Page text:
Obviously, the first order of business (after determining that the interface that you are using is, in fact, thread-safe), is to determine that implementing this process using multiple threads actually will be faster. The only thing that multi-threading can realistically do is to overlap computation with I/O, and, to a certain but limited extent, to allow multiple I/O requests to be serviced in parallel. Everything, in your scenario, will depend upon the implementation capabilities of the Win32 subsystem with which you are ultimately communicating. If you, as you say, “know nothing about threads,” why do you have reason to believe that threads will actually help you? (I mean that as a perfectly serious question.)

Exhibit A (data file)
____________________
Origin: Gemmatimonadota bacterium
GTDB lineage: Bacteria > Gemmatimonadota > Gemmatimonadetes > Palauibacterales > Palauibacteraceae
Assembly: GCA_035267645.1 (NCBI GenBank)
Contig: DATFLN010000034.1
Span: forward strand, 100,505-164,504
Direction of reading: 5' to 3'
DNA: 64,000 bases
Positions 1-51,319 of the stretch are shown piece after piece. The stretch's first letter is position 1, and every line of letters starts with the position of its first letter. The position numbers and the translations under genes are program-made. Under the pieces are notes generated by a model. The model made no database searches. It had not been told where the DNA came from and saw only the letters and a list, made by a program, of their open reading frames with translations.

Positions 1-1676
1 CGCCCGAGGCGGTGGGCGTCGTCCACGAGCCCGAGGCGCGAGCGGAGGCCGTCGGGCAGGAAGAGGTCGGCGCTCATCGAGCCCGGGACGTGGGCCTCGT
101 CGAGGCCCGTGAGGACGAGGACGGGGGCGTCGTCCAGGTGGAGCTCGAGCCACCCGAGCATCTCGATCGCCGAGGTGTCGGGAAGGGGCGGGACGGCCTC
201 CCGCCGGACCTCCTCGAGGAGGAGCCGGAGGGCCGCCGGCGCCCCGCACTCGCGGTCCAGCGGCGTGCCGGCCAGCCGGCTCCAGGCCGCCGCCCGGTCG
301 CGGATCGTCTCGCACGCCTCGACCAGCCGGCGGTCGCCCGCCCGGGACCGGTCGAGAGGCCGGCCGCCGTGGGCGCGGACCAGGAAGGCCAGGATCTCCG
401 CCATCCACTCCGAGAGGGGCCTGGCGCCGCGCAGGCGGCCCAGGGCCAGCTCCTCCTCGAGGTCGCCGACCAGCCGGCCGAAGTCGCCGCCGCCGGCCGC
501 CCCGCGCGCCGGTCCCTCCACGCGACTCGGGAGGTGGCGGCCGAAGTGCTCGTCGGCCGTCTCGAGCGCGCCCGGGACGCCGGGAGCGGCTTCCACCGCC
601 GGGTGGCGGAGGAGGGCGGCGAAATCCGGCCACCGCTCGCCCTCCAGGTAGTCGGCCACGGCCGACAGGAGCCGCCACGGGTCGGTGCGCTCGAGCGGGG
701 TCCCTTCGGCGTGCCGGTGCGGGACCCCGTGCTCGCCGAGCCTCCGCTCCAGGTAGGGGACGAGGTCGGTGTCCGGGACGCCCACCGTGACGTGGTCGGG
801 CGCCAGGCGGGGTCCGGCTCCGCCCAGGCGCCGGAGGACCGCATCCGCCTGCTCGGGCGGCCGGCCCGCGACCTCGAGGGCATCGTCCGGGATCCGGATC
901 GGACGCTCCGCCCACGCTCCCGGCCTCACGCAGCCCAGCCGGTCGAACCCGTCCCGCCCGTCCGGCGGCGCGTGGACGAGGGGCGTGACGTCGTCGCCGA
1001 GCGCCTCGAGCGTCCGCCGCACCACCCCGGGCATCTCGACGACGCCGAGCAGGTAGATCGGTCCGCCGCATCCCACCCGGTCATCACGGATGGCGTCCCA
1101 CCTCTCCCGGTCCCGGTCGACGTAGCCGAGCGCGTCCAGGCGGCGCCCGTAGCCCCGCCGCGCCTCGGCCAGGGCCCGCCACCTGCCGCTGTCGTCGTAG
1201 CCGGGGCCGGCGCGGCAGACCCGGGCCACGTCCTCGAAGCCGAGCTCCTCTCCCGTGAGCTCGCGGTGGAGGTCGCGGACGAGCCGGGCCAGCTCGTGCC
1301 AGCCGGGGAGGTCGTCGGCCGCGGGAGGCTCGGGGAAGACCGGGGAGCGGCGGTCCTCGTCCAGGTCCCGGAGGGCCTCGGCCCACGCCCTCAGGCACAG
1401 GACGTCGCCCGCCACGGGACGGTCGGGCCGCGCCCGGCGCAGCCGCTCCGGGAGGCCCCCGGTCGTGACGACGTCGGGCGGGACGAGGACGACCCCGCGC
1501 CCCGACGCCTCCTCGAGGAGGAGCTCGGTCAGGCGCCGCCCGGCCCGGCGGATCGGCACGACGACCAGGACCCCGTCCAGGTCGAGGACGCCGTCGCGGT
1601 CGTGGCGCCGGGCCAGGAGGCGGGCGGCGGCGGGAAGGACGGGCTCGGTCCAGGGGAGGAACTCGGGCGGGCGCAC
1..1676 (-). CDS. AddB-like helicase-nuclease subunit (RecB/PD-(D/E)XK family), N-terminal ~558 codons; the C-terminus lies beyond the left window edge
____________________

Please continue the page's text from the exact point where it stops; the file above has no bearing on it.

Another often-overlooked strategy is simply to run multiple instances of the same Perl program on the same computer at the same time, arranging by some means for each of them to be issuing a different set of requests. Thus, with no added internal complexity to any one of the systems at all, as many copies as desired “of the whole thing” can be run in parallel.